As with Margot Robbie and Will Smith, Viola Davis owned her character but was ultimately bound by the stupidity of the script. Consider this simple logic: Waller demanded the creation of a squad of deadly convicts to counter a potential evil meta-human--the next Superman. Then, through her own negligence and arrogance, she facilitates the creation of that very threat. I don't expect Waller to be perfect. I expect her arrogance to cause problems. I expect her contingency plans for her contingency plans to sometimes not work out, forcing her to improvise. What I do not expect, is utter incompetence that involves leaving a deadly artifact on her apartment shelf, trusting in loooove to keep the powerful immortal witch in check. Waller's entire concept of entrusting Enchantress' obedience to Rick Flagg's romance with June Moon would not have impressed Professor Annalise Keating one bit. And then she had to practically beg Bruce Wayne to cover her ass? P L E A S E.

Plus, that weird romance really left Flagg with nothing useful to do except threaten to push a kill switch (that the bad guys could have stolen at any time), which is unfortunate, since the original Flagg competently ran field ops with the team for a long time in the original comics. The ideal solution would have been to dump the Flagg/Moon/Enchantress threesome and let The Wall loose. Because not only is she a badass behind the scenes controlling the situation from a command centre, she can handle herself just fine in the field, too.
Justice League
And finally, Enchantress. What a waste. But since apocalyptic showdowns are the new black for comic book movies, we had to have that big bad Waller feared and subsequently created. Only, that's not what a squad of low level meta-humans (some of whom aren't actually meta-humans) can handle. What's Deadshot's going to do against people who can deflect bullets? How will Boomerang's jocularity save the world? I don't like the Joker's over-presence, but had the movie stayed focused on that, then using a team of psycho-criminals to go after psycho-criminals would have made sense. Instead, they faced the end of the world and Enchantress' had to be dialed back in order for this rag tag team to beat her.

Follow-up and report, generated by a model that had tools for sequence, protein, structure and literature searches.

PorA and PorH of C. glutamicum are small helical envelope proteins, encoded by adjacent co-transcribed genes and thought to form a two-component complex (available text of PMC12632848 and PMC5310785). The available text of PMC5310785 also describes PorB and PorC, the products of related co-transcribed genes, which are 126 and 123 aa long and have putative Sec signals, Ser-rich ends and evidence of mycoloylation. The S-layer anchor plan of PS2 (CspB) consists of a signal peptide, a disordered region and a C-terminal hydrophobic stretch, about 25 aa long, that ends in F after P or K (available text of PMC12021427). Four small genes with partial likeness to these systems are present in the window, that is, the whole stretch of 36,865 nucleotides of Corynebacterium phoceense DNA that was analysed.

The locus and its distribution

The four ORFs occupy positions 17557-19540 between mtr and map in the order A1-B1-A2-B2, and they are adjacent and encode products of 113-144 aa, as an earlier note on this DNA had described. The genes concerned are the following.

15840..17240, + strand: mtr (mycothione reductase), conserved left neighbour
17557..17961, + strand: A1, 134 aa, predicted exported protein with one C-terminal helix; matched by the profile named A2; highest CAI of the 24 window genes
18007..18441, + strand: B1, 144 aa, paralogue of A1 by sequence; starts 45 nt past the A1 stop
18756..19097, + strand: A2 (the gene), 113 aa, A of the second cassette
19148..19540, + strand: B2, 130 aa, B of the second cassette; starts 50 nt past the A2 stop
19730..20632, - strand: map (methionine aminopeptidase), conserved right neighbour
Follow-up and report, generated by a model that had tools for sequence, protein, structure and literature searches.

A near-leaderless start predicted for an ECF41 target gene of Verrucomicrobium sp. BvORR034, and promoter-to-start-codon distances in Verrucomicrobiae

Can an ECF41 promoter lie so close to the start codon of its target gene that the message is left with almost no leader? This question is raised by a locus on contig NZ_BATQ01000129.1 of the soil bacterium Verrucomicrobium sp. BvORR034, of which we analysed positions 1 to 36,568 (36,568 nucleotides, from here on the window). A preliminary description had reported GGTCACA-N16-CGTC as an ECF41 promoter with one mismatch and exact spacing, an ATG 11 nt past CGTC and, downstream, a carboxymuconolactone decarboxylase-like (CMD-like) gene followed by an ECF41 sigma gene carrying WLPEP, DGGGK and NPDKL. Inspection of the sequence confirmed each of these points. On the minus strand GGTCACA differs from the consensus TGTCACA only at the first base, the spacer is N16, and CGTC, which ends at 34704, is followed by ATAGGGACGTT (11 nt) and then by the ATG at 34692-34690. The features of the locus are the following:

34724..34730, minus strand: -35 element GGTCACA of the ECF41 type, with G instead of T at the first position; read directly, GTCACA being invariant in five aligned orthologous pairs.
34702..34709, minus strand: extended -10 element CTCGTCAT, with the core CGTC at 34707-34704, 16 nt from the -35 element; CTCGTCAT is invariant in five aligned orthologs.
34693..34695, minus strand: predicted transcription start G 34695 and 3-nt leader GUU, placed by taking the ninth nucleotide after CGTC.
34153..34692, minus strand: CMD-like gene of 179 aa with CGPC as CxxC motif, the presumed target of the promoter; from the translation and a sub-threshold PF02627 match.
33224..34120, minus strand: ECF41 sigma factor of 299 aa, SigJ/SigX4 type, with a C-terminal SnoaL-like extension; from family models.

After these major complaints, there are the minor ones involving the poorly used Katana, the suddenly friendship is magic! squad bonding, everything about Slipknot, and the obvious attempt to make Boomerang into a subpar Deadpool-like comic relief, complete with stuffed unicorn. As with so many comic book movies these days, there probably was a good movie (or two) left on the cutting room floor, but we shouldn't have to put our hopes on director's cuts to see them.

I also grow tired of the battle between DC and Marvel that causes much of this issue and feeds into their gross marketing campaigns that pit fans against each other, even as the Big 2 pit their own characters against each other in pointless combat. While I did enjoy Captain America: Civil War, It definitely wasn't the Bucky and Cap adventure it was meant to be because the exec types had to stick their two million cents in there in response to Batman v Superman (which wasn't actually about Batman versus Superman).

Simply put, I love comics. I want to share my comics so that everyone loves comics too. I don't give a shit if you prefer DC while I prefer Marvel. I just want to see my faves treated with the respect they deserve by people who aren't necessarily fans of the characters or even comics (though some appreciation for the source material would be nice), but at least can understand what those characters and stories mean to old fans and what they can mean to new ones.
Still, I remain cautiously optimistic for the future. I can't wait for the long overdue Wonder Woman movie, I love what Jason Momoa's Aquaman potentially represents, and Black Panther killed it in Civil War, paving the way for his solo film to give us even more awesome. And through these new films and shows, diversity is slowly becoming reality, though there's still a ways to go to help the ignorant understand why representation matters.